In spiritually-engaged mindful lawyering, one’s intellectual and analytical faculties are somewhat relegated to the function of “tools” to be deployed once the unique life situation of the individual client has come to be understood. Through more mindful lawyering, attorneys can come to play an important role in the social transformation that they may have directed their course to law as a profession in the first instance.

To learn more about integrating mindful lawyering into your practice, contact Holistic Lawyer Michael Lubofsky, Esq. at (415) 508-6263 or visit

When Legal Practice Becomes “Ego” Practice

In traditional legal education we are taught how to identify issues, adopt positions, and create logical arguments to advance and defend these positions. In the process of creating these arguments and in preparing to verbally defend our adopted positions, we begin to internalize a notion that our position is “right” and the position of the other is “wrong.” To some extent, this polarization is necessary to inject needed passion into an oral argument.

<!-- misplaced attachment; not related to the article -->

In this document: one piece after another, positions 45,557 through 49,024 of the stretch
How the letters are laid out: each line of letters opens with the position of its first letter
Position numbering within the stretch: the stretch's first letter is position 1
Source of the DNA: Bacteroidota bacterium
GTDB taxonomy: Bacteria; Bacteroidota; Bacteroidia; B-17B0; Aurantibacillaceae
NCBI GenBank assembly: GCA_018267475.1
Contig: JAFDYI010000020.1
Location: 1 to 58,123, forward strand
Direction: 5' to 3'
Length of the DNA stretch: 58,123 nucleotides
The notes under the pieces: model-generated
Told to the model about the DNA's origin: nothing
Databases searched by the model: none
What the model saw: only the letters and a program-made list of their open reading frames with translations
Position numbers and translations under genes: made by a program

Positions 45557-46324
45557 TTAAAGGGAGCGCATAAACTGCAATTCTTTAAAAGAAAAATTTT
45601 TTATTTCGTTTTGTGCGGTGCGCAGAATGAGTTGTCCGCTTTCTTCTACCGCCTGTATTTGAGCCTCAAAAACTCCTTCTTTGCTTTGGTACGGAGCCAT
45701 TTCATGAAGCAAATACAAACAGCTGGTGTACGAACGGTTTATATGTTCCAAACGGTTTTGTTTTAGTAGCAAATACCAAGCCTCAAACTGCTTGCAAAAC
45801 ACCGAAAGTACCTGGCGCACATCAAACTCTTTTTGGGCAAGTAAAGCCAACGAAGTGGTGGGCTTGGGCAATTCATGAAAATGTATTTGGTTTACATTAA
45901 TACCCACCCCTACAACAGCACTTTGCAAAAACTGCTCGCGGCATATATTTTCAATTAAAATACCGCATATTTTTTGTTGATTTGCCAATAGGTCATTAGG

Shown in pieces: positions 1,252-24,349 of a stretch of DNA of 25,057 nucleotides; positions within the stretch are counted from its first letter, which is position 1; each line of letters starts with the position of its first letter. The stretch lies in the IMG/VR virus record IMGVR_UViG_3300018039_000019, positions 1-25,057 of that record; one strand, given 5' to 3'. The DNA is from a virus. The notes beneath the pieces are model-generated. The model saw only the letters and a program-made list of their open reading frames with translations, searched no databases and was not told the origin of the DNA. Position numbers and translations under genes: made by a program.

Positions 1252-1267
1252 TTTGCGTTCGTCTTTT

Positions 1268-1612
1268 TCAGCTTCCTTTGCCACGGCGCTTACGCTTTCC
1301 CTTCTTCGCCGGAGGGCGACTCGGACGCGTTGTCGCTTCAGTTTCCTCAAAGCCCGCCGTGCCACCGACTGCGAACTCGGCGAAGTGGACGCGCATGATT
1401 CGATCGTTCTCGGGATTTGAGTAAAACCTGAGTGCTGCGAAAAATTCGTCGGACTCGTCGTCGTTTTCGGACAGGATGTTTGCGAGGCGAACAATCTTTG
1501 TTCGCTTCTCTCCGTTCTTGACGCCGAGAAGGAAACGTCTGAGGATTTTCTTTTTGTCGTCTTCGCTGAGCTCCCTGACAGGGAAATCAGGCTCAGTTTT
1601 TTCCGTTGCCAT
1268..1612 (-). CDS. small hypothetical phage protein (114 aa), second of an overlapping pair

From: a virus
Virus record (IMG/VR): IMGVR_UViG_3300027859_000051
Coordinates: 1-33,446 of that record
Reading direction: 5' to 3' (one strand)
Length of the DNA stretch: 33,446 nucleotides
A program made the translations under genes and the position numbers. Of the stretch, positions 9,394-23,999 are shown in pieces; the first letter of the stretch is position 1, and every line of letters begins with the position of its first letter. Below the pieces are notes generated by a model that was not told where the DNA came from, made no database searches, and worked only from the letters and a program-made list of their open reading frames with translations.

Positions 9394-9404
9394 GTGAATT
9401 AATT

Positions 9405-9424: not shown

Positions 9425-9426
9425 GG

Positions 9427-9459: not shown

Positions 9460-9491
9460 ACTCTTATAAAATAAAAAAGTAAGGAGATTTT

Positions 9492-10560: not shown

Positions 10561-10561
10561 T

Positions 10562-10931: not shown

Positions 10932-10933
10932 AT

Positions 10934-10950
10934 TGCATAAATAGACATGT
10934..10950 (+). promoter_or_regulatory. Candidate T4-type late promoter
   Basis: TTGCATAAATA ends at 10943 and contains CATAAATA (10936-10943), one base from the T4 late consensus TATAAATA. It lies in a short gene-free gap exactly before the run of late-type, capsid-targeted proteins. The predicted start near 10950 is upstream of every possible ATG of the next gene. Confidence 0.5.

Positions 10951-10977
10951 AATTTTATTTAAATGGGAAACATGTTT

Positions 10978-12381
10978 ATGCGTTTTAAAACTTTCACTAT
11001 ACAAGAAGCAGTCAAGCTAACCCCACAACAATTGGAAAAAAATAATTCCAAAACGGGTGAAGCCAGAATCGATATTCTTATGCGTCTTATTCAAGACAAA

After immersing ourselves in this process of polarization for three years in law school, most of us enter a profession calling on our acquired ability to identify and advocate adopted positions on behalf of clients for most of our waking hours.

Problems soon arise, however, when that dualistic orientation becomes a way of life extending beyond professional environments. In my experience as an attorney and in interactions with other attorneys for almost 25 years, this problem seems very common among attorneys.

What often happens as legal training takes root is that an attorney begins to lose touch with the truth that life tends not to reduce itself to ideas of “right” and “wrong.” Life pretty much just “is.” The extent to which we try and get life to adopt our ideas of right and wrong, in the same way that we might approach a judge, will largely dictate our degree of unhappiness in life.

It is a real challenge for an attorney to dis-identify from the conditioned way of seeing the world as “right” or “wrong,” and from the tendency to advocate and defend one’s mental positions. I speak from personal experience in reflecting back on the myriad situations in my life in which I have been confronted by another person or life situation that failed to square with my egoistic notion of how things “should” be, and how I reactively, with little consciousness, dug my heels in and embarked on a mission to prove how I was right and how the other was wrong. Most often, this exercise has done little more than cause the situation before me to further deteriorate.